Berlin/Tel Aviv/Singapore/Kuala Lumpur - August 2015
A selection of observations on the weaknesses of US startups in internationalisation - with initial theses on how to exploit or defend them. Seed startups from Berlin or Tel Aviv - who need to need to make internationalisation part of their game plan for Series A are increasingly able to exploit the structural weakness in US VC startups that tend to internationalise at Series B. There's some ways within this structure for a US unicorn to defend and they will increasingly gain adoption.
US startups looking to expand internationally, especially in the B2B space, usually have a rough time doing that (1). Tech media often assumes that unicorns that have made it in the US will move on and be successful in Europe. This is, more often than not, not true. Who would guess that, say, the European revenue leader in file sharing (2) is not Dropbox or Box - but SSP Europe which is pretty much unknown in the tech media?
Explaining the weaknesses of US startups in internationalisation
There's multiple structural reasons why this is the case. Based on discussions I had it seems there are two main ones.
Above all, internationalisation is a very late challenge in the US VC playbook - usually at B Series - and this makes US startups structurally bad at it.
Above all, internationalisation is a very late challenge in the US VC playbook - usually at B Series - and this makes US startups structurally bad at it. At B Series many US startups turn "stupid" - they gain a lot of the traits of the incumbent companies they despise and claim to be "disrupting": at this stage much of the product as well as process to market has become stable - with a US market bias. The B series cash comes in and this product and process is then scaled. The head count doubles and triples. External agencies are hired for each country and managed centrally.
People on these jobs often have low reputation within their organisations, but most often it's not them, but the their job structure to blame. Unicorns tend to hire corporate and consulting people to run additional markets, not entrepreneurial types. Instead of giving people room to play as advertised in the job section of their company website, they hire people that like rules and templates. (3) I have many war stories from friends in related losing job positions as this happens. Friends spending their day with 10 marketing/PR agency calls per day of 30min each, none of them doing a good job and them not having the time or power to tweak the process. Friends in BD positions not able to get an essential local feature on a product roadmap for months that would have taken a single engineer to tweak a day when the company was younger.
These problems tend to be significantly bigger if the first stop for internationalisation is London/the UK - a location which allows startups to continue to speak their language and where most of the business is in a single city.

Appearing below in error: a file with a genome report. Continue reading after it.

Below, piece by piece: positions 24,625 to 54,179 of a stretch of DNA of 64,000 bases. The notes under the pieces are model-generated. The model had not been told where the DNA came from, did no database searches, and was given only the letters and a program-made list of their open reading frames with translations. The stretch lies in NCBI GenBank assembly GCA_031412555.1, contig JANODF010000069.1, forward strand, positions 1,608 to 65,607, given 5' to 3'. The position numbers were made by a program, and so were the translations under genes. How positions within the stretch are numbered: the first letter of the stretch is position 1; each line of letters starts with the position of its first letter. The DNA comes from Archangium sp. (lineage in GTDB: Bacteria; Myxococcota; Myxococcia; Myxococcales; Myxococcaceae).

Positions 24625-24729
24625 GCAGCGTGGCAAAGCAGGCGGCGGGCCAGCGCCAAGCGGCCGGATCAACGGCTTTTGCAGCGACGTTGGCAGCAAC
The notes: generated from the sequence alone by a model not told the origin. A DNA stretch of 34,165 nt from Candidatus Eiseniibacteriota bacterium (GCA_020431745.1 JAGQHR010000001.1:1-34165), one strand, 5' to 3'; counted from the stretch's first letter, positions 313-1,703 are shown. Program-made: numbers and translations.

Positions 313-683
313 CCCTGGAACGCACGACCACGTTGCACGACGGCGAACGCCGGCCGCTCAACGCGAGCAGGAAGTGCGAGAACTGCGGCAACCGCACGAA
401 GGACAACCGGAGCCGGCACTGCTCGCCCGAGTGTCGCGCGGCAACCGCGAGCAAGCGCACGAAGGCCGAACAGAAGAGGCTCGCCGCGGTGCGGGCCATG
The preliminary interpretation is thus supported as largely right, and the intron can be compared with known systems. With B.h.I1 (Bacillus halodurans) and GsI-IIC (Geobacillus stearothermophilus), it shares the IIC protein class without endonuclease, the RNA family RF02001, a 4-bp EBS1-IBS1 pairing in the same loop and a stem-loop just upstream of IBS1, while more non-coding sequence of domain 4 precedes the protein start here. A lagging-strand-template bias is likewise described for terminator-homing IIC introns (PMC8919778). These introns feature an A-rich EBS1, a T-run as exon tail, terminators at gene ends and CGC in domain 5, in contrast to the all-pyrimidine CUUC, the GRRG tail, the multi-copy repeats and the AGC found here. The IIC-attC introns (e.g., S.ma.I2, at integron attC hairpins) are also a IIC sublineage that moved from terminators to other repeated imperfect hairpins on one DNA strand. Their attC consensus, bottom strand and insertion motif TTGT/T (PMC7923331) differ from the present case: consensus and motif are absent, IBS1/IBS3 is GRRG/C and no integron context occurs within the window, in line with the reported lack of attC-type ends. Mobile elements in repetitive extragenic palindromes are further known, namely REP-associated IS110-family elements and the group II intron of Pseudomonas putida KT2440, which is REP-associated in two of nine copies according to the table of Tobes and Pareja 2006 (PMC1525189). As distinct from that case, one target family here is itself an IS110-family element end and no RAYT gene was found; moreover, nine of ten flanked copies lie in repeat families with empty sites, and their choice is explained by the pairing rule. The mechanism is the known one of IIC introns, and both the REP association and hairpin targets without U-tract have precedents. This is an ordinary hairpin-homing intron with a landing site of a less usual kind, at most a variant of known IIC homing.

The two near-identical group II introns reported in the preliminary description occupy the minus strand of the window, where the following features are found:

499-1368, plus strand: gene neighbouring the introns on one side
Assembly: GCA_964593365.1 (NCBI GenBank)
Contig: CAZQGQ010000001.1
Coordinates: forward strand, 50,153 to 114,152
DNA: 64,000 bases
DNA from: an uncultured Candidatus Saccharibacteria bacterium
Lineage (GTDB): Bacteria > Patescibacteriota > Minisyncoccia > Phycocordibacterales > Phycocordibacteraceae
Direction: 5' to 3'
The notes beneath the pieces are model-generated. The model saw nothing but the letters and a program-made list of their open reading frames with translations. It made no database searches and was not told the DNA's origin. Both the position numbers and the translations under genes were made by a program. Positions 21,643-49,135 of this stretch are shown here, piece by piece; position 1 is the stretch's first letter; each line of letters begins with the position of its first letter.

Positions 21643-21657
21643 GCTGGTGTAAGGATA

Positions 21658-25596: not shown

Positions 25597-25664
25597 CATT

The second reason - and the main explanation or line of defence why this structure is right for US B Series startups - is that non-US consumers are much less important for them to exit.
The second reason - and the main explanation or line of defence why this structure is right for US B Series startups - is that non-US consumers are much less important for them to exit (4). Most of the US acquirers most often value US consumer bases or BD partnerships only. For them distribution deals with AT&T, Sprint, T-Mobile or Verizon are more valuable than the ones with Telefonica, even if the consumer spend on the product may be similar.
This focus towards the US only changes if the startup IPOs - Wall Street is less discriminating and appreciates dollars wherever they may come from.
Related, I wonder what impact of the “private IPO” phenomenon has on the discipline of the US-backed unicorns in becoming international companies. Josh Kopelman recently pointed out that "if there’s one thing we can learn from the public IPO market, it’s that the VC industry isn’t always good at pricing large companies...Public companies reprice daily. Private companies don’t have to reprice for years on end." I also suggest private IPOs have the effect of putting much less organisational discipline on Unicorns becoming international than Wall Street would. The structural weakness I describe in this post, more often than not, is not priced in their valuations. Unicorns, on their internationalisation flank, are more vulnerable than their investors think they are.
How to exploit it
Famously, I am not the first one in Berlin who understands this weakness and how to exploit it. What was new to me, even as a Berliner entrepreneur, was to see the size of it on a recent trip to Singapore and Malaysia. According to Andreas von Maltzahn from Delta Partners Group, in 2013 80% of all digital investments in ASEAN was Rocket Internet. In 2014 the figure was still 60%. This effect has also moved beyond Rocket. On the ground, specifically in Malaysia with its foreigner-friendly immigration laws, I met multiple ex-Rocket teams.
The structure was always similar: a mix of 10-30 Berliners and a multiple of locals who were being trained with the relevant know-how.